Thursday, February 14, 2013

Book vs. Movie: Valentine

Happy Valentine's Day! In honour of the special day, here's a post comparing the book Valentine to the film adaptation of the same name.

The Book

I saw the film version of Valentine before I read the book written by Tom Savage (I only recently became aware of the book's existence), so I was surprised to find that the book is a thriller and not a horror novel. It focuses more on suspense than gore while the film is a slasher. The plot in the book barely resembles the plot in the movie.

The book is about Jillian Talbot, a bestselling mystery author, who receives threatening Valentine's Day cards and is the victim of other unsettling pranks in the days leading up to February 14. She becomes convinced that an old classmate, Victor Dimorta, is the one behind it.

In college, Jillian was part of a clique where each member was named after a different element: Earth, Wind, Fire and Water. On Valentine's Day, they played a cruel prank on Victor, resulting in his expulsion from college.

When the police tell Jillian that they can't help her, she hires a private investigator to find her stalker, but the closer it gets to Valentine's Day, the less time there is for Jillian.

There are so many parts of the book that I love and wish they had included in the movie. In the book, the killer elaborately plans the murders, using the clique's nicknames - Earth, Wind, Fire and Water - to end their lives. He also plays the song "My Funny Valentine" before he kills them because it's the song that was playing when they pulled the prank on him.

The killer also has a better motive in the book. By pulling a prank on Victor, the girls essentially ruin his life (or so he thinks). When he's expelled, he's sent home to his abusive father and things just get worse from there. College was his chance to get away from his family and the girls ruined it. This makes his character more believable than in the film.

The biggest difference between the book and the movie is that the murders take place over the span of a few years instead of in succession. The murders in the book each have their own chapter, shown from the killer's perspective while he reminisces about them. 

My favourite part of the novel was the twist at the end. When I saw the quote on the cover of the book from James Patterson - "Suspense with a twist." - I spent the entire book trying to figure out what it could be. I thought I knew the identity of the killer since I had already seen the movie but I didn't think that was much of a twist. Eventually I started to think maybe they changed the ending for the movie and I was blown away by the ending of the book.

Seeing the film first didn't take away my enjoyment of the book and I recommend anyone who enjoyed the movie to check out the novel.

The Movie

Five young women who have remained friends since middle school are the targets of disturbing pranks - creepy Valentine cards and chocolates filled with maggots - before Valentine's Day. When one of them dies, they realize the pranks are more than sick jokes.

The Valentine cards are signed with the initials J.M. which leads them to believe they're from Jeremy Melton - a boy who asked them all to dance at their middle school Valentine's Day dance and they all rudely rebuffed. But one of the girls kept a secret from the others. When some boys caught her making out with Jeremy under the bleachers, she was humiliated and lied, saying he attacked her, resulting in him being sent to reform school.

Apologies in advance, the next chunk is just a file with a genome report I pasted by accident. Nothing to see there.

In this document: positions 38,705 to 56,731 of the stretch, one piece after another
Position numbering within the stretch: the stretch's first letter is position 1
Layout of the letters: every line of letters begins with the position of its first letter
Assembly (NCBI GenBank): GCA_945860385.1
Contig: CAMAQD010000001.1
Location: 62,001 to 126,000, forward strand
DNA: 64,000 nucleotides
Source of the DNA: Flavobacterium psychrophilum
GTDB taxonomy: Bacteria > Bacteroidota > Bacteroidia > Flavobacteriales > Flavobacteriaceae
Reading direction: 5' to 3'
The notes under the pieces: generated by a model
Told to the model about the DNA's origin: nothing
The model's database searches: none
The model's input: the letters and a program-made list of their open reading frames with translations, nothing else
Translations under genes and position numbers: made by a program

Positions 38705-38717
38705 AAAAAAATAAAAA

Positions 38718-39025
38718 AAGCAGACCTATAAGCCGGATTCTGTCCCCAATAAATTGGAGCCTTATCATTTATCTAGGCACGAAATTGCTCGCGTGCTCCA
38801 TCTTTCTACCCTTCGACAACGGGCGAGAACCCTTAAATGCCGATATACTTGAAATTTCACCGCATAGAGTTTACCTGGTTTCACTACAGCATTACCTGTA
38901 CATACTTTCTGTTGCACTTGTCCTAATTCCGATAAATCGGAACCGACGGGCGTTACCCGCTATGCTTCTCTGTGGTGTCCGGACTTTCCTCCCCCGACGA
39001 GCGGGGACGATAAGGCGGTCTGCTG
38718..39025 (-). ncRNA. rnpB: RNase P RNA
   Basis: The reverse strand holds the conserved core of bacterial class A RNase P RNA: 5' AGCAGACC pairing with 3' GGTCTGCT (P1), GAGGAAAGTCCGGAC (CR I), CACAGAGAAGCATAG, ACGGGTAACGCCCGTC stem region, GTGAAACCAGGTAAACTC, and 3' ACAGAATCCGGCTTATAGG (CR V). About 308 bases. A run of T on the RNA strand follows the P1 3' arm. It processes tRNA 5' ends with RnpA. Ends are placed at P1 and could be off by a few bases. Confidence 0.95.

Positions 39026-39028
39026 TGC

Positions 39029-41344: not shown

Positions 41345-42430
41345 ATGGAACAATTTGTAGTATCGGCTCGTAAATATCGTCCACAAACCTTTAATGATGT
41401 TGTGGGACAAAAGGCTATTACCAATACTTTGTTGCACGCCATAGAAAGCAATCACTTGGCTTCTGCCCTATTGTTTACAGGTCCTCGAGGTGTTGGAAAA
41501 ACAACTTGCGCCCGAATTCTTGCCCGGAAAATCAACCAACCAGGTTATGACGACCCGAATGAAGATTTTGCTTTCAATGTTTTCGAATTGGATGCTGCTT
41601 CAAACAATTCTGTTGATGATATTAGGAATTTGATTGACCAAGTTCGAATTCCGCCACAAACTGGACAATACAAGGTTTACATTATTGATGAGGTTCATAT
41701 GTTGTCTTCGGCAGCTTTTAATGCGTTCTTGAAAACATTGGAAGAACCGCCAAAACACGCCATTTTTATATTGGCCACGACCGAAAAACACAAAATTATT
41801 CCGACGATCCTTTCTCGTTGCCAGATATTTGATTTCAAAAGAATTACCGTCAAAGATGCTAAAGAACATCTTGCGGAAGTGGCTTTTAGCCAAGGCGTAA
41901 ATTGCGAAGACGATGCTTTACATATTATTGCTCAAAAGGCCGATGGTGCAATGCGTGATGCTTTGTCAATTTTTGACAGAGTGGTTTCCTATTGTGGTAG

While their friends are being picked off, they try to figure out which man in their lives could secretly be Jeremy Melton.

Since they turned the novel into a slasher, the body count is higher than what it is in the book and the deaths are more gruesome and unusual. But I enjoyed the gory death scenes. I think the only thing missing from the novel is gore and that's the reason why I tend to choose horror novels over thrillers. I especially like the death by Cupid's arrows and the maggot-filled chocolates.

In the book, the killer is cold and calculating, taking several years to think of the perfect plan for revenge - going to lengths to incorporate their nicknames into their deaths and ensure the deaths happen on Valentine's Day. The killer in the film is the typical slasher psycho - he wears a mask (a Cupid mask that was worn at the middle school dance) and kills several people in a row as gruesomely as possible with little thought behind it.

In the film, the women remain friends, whereas in the book the girls stop being friends after college (Jillian doesn't speak to them after the prank). Each character in the movie is a cliche. There's the Smart One, the Sexy One, the Fun One, the Nice One and the Fat One (or the Formerly Fat One). The characters in the book are described more realistically, although the book doesn't focus on the other women nearly as much as on Jillian.

There are a lot of differences between the book and the movie, but these are the major ones.

The Verdict

The novel is much better than the film. They took a suspenseful psychological thriller and turned it into a run-of-the-mill slasher. The only things the two have in common are the basic plot - a spurned classmate gets revenge on the girls who rejected and humiliated him - the disturbing Valentine cards and the climax taking place during a Valentine's Day party.

I still do like the film (I have a thing for slashers), but when comparing it to the book, I realized that it's just your typical slasher, nothing special. Unlike the book, which has a twist ending which I didn't see coming even after seeing the movie first.

I would give the book a 4/5 and the movie a 3/5 rating.